Dear Seventeen-Year-Old Me: Congratulations on finding deep conditioner. Your hair looks great, lady. You’re finally starting to get the hang of your writing and seeing where it’s going to fit in your career, which is awesome. You’re standing on the brink of what’s going to be an incredibly bright future at Texas State University – even though I grace pic age 171know that your heart is still crying for A&M, you’ll come to realize God’s impeccable plan for you elsewhere. You’re going to get discouraged a lot this year. You’ll be turned down again and again at different opportunities that you’ve set your heart on. What you’ll find is that no is not dismissal, it’s direction. You’ll learn that you absolutely do not know it all, and you absolutely never will. You’re going to get hurt. You’re going to get angry. That’s okay. Because you’ll learn how strong you are. You’ll use that strength in future battles that you can’t even imagine yet. You’re learning so much more about meeting God for who He really is, and not some interpretation that has been fed to you. You’re falling more and more in love with the creator of your heart and seeing more and more of Him leaving His fingerprints on your story. You’re still overwhelming yourself with fitting with a crowd – any crowd where people will accept you. It’s something that you’ll probably continue to wrestle with for the rest of your life. You’re getting older and becoming an adult, and with that, starting to think you’re a lot wiser than you are. Please remember that no matter how wise you become “for seventeen”, you are still only seventeen. There are those around you who have lived a lot more of life than you have that would love to administer their wisdom to you. Remember, you can always turn to your parents for help if you need it, and don’t lie to them when you do need it.

Dear Twenty-Year-Old Me: Girrrrllll you’re in for a wild year. Not that you’re going to be too surprised considering that it started off with losing your sister/soulmate. Honestly babe, it’s hard to know where to start with you. You’re going to make a lot of emotional decisions this year. You’re going to make a lot of emotional mistakes. Not just because of everything that’s going on in your life, but also because you’re just so incredibly confused by everything that being twenty brings. In time, you’ll look back on 2017 and call it “My Ridiculous Year”. You’re going to find a lot of your weaknesses this year – they’ll become magnified and thrown in your face until you find yourself almost crushed from their undeniable validity. And then, something beautiful will happen; you’ll learn to turn your weaknesses over to God, and He will shine so brightly through them, that they will become your greatest strengths. You will learn to love people from a pure and unbiased place, and when those people hurt you, rather than wanting revenge you’ll only love them more. God will come so close to you this year, you’ll practically be able to feel Him breathing on your face when He speaks to you through His word. You’ll learn the true meaning of “I must decrease; He must increase.” Oh, babygurl, you’re in for such a challenging year. Looking back now, I wish that I could just hug you and whisper how proud of you I am over your tears and shuddering heartbreak. But oh, honey; once these lessons are learned, every scar, every bruise, every smashed piece of glass that makes up your mosaic life, will soon become evidence of a life courageously lived and remind you that you serve a God who is stronger than any storm that besets you.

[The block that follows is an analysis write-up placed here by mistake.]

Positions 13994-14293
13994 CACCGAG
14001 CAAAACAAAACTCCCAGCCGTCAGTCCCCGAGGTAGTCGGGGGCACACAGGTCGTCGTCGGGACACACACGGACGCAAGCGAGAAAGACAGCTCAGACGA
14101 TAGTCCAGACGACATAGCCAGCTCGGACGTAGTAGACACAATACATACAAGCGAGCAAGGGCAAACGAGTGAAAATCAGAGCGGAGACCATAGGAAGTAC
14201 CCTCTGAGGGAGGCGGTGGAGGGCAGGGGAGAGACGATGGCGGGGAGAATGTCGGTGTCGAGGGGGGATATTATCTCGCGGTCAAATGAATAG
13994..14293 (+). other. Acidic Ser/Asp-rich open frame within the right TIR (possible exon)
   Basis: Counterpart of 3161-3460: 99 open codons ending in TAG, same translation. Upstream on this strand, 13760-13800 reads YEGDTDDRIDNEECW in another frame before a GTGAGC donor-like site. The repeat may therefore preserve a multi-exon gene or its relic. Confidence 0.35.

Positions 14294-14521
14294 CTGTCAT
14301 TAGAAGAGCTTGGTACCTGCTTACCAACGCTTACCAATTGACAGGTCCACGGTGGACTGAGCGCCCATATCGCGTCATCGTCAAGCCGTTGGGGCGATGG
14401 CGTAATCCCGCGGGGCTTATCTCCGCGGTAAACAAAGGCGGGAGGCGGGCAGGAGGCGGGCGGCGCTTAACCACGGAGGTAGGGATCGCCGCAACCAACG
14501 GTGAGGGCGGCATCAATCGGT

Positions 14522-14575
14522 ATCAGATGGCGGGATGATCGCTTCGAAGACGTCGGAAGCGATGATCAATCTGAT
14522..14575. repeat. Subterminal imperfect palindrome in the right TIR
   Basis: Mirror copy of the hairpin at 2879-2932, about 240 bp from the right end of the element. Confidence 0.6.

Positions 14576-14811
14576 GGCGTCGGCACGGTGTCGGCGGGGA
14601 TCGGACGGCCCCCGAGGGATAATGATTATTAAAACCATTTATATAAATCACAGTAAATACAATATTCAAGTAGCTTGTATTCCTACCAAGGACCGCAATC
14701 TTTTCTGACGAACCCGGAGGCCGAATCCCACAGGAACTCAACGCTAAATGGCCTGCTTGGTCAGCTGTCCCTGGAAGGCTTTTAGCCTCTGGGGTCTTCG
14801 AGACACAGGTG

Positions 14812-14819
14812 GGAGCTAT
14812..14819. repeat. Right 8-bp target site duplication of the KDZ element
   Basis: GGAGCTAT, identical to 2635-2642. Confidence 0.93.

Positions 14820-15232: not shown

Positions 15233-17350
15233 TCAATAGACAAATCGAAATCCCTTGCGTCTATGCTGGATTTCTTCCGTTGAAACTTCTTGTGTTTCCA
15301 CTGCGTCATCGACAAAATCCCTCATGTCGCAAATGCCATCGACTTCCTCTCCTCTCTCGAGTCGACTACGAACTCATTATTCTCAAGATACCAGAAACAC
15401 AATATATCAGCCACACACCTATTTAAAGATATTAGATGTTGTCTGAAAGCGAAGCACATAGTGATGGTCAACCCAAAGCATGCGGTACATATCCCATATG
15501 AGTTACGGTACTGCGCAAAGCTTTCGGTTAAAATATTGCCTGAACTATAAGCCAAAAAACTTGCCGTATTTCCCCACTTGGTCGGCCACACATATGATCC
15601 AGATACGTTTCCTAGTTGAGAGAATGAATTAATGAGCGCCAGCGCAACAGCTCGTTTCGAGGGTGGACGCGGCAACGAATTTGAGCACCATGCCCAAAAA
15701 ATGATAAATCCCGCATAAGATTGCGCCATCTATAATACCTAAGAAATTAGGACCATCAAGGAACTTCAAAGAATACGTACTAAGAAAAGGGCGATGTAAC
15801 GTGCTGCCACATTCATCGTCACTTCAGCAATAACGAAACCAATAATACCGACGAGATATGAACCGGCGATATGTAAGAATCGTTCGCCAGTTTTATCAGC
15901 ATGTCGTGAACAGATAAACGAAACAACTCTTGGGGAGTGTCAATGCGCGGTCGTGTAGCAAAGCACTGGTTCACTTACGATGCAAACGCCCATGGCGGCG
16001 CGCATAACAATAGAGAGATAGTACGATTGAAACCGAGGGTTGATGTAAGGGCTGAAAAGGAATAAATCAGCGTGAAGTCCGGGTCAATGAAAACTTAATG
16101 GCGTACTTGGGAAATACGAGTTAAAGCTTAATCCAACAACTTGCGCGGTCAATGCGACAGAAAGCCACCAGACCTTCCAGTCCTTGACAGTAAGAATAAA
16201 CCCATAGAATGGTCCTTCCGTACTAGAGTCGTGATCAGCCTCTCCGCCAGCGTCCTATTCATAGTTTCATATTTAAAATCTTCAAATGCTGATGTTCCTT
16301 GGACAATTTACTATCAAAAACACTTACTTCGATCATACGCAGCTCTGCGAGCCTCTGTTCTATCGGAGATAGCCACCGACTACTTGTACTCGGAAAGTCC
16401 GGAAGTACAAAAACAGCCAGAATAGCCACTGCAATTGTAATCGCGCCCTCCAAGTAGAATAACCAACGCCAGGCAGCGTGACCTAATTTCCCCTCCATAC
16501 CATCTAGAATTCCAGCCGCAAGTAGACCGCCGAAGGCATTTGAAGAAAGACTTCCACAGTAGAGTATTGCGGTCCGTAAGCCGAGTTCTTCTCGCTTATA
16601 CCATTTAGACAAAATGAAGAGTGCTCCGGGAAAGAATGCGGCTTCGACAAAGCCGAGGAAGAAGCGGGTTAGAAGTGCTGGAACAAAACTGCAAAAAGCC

Picture courtesy of Ally Schlandt photography

Final Call: When I set out to write this post I thought “Who wants to read a ‘private conversation’ I’m having with my past self? I look like a psycho.” But then I had a conversation with one of my friends that changed this thought; “I think we all need to take the time to look at who we were so we know who we have become.” I hope that some of you reading this can relate to how I felt – maybe not at those specific ages, but perhaps at other points in your life. I hope that by reading this, you can rejoice with me that God never left me in my prideful, stiff-necked, broken ways, but continued to soften me with His love – sometimes gently and sometimes with a jackhammer. I hope that you too, can dance in your heart, looking back on your own periods of brokenness and failure, and thank God that He loved each of us enough to continue to spin us on His potter’s wheel and shape us to be better and better equipped for His kingdom.

“Yet you, Lord, are our Father. We are the clay; you are the potter. We are all the work of your hand.” – Isaiah 64:8